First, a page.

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Effective January 1, 2021, California implemented the Student Borrower Bill of Rights (“SBBOR”). This is a great consumer protection law for all those bearing the burden of student loan debt. The law is codified in Civil Code §1788.100.
Who Is Affected by the Law
The SBBOR applies to both borrowers and co-borrowers. It has special protections for borrowers with disabilities, military service members, senior citizens, and those working in public service. It regulates servicers which it defines as entities that receive and apply payments on student loans. (Civ. Code §1788.100(p)). The SBBOR also applies to refinances of student loans.
What the Law Prohibits
Servicers are generally prohibited from abusive acts or practices. This prohibition includes interfering with a borrower’s ability to understand the terms and conditions of a loan. (Civ. Code §1788.10(a)). Servicers cannot defraud or mislead a borrower or misapply payments. (Civ. Code §1788.100(b)). Servicers cannot mislead military borrowers, employees in public service, older borrowers or those with disabilities about any available programs or protections.
Rules of the Road
Servicers are now required by law to post and process student loan payments in a timely manner. (Civ. Code §1788.102(a)). This requires that the servicers payment processing policies shall be disclosed and readily accessible. They must ask the borrower how to apply an overpayment. Absent contradictory instructions, servicers now have an obligation to apply payments in the best financial interest of a student loan borrower. This would require applying payments to the loan with the highest interest rate on the borrower’s account.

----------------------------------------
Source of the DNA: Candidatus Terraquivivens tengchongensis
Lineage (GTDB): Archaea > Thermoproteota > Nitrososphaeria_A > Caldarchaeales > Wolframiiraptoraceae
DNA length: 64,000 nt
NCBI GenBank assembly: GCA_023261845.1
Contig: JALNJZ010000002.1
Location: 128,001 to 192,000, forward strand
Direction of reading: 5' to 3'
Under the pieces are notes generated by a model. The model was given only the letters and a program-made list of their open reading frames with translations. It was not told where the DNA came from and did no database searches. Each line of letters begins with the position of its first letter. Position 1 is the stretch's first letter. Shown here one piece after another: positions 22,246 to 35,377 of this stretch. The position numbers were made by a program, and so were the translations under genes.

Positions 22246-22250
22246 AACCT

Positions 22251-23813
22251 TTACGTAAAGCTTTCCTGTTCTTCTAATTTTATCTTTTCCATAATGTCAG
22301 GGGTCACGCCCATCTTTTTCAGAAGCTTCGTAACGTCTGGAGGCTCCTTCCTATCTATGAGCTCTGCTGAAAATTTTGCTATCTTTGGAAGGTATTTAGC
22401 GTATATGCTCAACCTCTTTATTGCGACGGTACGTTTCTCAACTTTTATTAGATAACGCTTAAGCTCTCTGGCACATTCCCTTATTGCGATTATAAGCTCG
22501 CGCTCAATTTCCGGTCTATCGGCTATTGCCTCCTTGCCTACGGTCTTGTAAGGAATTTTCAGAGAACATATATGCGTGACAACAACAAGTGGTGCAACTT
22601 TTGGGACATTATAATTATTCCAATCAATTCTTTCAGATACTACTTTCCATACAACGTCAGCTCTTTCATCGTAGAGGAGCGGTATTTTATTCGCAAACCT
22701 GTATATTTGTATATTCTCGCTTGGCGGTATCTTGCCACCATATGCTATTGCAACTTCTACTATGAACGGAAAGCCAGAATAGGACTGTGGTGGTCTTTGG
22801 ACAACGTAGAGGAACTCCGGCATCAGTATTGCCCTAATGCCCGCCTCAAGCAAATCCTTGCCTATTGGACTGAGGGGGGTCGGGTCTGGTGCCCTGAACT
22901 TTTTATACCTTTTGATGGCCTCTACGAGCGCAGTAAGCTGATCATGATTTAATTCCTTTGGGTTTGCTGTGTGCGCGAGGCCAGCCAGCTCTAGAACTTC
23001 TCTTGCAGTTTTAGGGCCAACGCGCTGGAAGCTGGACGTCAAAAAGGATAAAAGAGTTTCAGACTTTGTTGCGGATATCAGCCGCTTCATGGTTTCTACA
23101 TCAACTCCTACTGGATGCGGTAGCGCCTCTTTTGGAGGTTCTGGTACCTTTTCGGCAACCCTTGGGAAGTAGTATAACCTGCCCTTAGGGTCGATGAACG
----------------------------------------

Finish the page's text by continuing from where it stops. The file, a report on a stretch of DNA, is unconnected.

There now exists a requirement for student loan servicers to timely process its paperwork. (Civ. Code §1788.102(g)(1)). This will be very helpful for borrowers who are seeking repayment assistance.
Qualified Request & Qualified Written Request
Servicers now have duties to respond to disputes and requests for information from borrowers. The SBBOR defines a “qualified request” as one made over the telephone which requests specific information or reports an error. (Civ. Code §1788.100(n)). A “qualified written request” (“QWR”) is a request made in writing (including email) detailing an error or requesting information like a payment history.
A servicer must respond to a QWR within 30 business days and provide information related to the request and the action the student loan servicer with taking to correct the account or an explanation that the account is correct. (Civ. Code §1788.102(t)(1)). Servicers must also have policies and procedures to escalate disputes by borrowers.
Transfers of Student Loans
If a student loan is transferred the servicer must notify the borrower of the new servicer 15 days before the borrower is required to send in a payment. (Civ. Code §1788.102(m)).
California also has the Educational Debt Collection Practices Act (“EDCPA”) which prohibits schools from withholding transcripts for a current or former student on the grounds that the student owes a debt. (Civ. Code §1788.90 et seq.).
Enforcement of the SBBOR
Any consumer who suffers damage from the result of the failure of a service to comply with this new law can bring a private right of action. (Civ. Code §1788.103(b)). The consumer can recover actual damages which shall be no less than $500 per plaintiff, per violation (not per case), punitive damages, and attorney’s fees. If the violation substantially interfered with a borrower’s right to an alternative payment arrangement or another financial benefit then the court shall award treble actual damages of no less than $1500 per plaintiff, per violation.
Prior to filing an action under the SBBOR a consumer must provide written notice to the servicer 45 days prior to filing the action. (Civ. Code §1788.103(d)). This notice must be sent via certified or registered mail, return receipt requested to the address on file with the Department of Business Oversight or to their principal place of business in California.
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